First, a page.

Traditional approaches previously undertaken by companies and organisations are being challenged and somewhere we need to learn to work as integrated teams. And this means our role as reputation managers needs to reflect knowledge within each of our strategies. In this episode of Mrigashira, Charu Raizada speaks to Rahul Sharma, Senior Director & Division Head (Public Affairs &Advocacy) with Genesis BCW.
Do you think government affairs and corporate communication requires far greater collaboration within organisations today?
Over the last decade, with the explosion in the platforms that provide information to citizens, as well as drive dialogue on host of issues, any organisation today needs to look at multi stakeholder engagement, being at the core of it’s not just corporate reputation, but also its issues surrounding public policy. That’s something that has changed and today there are quite a few organisations who understand the importance of it. Earlier, most of the government relations functions typically would be driving the issues on policy, and most of it was behind closed doors. But one big change that we have seen is that over the years, the government has also become much more open in its conversation. And because those issues are being discussed at various forums, you cannot have an approach or a program where what you are communicating externally to wider audiences is different. They are also interested in knowing your position on those issues. So in that sense the government relations, as well as the corporate communications department need to work much more closely together than ever before.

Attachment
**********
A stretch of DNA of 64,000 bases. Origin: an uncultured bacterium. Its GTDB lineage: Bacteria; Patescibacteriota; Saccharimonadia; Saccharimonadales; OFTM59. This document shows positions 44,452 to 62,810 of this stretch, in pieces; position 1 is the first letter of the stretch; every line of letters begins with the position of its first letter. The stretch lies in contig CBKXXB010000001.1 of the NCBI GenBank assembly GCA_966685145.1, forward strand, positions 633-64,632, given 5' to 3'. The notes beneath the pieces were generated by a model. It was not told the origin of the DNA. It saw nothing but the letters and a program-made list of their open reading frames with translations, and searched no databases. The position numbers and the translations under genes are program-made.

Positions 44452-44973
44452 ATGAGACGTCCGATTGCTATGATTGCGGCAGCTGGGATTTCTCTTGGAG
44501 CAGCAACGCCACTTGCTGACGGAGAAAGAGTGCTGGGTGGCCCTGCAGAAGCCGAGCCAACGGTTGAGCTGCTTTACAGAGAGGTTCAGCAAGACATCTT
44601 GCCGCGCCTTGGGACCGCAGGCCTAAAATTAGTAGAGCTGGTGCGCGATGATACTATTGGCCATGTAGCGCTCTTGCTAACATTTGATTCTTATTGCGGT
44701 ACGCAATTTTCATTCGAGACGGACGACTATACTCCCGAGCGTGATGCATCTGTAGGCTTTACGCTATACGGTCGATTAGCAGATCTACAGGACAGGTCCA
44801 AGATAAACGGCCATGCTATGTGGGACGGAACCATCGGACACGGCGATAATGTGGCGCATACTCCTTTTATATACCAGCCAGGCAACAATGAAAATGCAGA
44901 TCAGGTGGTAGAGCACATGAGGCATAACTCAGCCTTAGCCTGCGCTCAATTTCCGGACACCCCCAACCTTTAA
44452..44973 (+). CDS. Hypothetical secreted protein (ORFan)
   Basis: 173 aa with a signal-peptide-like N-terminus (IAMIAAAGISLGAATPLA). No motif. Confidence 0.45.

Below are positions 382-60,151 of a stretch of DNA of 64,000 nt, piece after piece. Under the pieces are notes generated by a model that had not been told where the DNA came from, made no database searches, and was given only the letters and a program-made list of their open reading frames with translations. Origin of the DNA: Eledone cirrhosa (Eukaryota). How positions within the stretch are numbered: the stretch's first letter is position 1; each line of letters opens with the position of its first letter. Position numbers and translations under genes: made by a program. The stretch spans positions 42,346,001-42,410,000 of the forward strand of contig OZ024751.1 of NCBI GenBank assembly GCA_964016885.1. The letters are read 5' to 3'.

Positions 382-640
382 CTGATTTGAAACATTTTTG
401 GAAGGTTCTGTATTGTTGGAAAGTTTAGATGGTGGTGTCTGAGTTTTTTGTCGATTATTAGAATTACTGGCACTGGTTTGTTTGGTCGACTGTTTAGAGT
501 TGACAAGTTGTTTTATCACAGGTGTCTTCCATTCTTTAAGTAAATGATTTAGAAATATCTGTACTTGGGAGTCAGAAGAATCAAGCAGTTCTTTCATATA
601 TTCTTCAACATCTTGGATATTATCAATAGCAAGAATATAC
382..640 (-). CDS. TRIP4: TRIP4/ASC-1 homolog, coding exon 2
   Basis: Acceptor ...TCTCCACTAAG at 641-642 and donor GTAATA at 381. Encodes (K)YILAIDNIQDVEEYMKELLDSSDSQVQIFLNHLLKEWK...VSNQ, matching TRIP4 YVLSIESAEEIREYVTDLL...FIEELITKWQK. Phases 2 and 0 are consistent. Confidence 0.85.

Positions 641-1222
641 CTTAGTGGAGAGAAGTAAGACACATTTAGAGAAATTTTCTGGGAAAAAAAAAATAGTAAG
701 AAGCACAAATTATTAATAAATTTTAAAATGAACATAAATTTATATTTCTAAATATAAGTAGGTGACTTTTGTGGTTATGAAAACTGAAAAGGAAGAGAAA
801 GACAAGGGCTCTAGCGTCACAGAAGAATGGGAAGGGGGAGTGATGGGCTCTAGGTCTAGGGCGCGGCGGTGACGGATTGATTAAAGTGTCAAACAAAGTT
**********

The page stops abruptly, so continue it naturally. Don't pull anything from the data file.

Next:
As the lines blur between PR and advocacy, how can organisations build an integrated approach, merging both traditional and modern ways of both policy advocacy and building corporate reputation?
Collaboration between the two largely needs to start right from the beginning, where you are identifying the priorities for a business both from a business standpoint, reputation standpoint, as well as a policy standpoint, because all these three positions are inter-linked. In addition, if you are a multinational corporation, which is operating in multiple geographies, you cannot have different positions in different geographies. So, you can ensure that your organisation is being seen as authentic and credible only through a closer collaboration.
You can build that by developing plans, and also making sure that both the departments are in sync with developments. For instance, when you are looking at any change, there are pathways to a particular change. So, now when you are moving from your stated goal, then there will be a process pathway and as part of that, government relations team can drive the agenda and the corporate communication teams can supplement the narrative.
Now, there are two important things which are necessary for this. The first is that today, there is an information overload. It’s not just about what you understand from the meetings you may have with 1, 2, 3, 4 stakeholders, but it’s also about what is the position of various people. So, there is information, there are viewpoints, and the ability to decode that information in viewpoint. And one of the most important determinants is that you are not just looking at what is the popular view as that may be heavily skewed in one direction. Therefore, if you are not digging deep enough, you will not get the other point of view.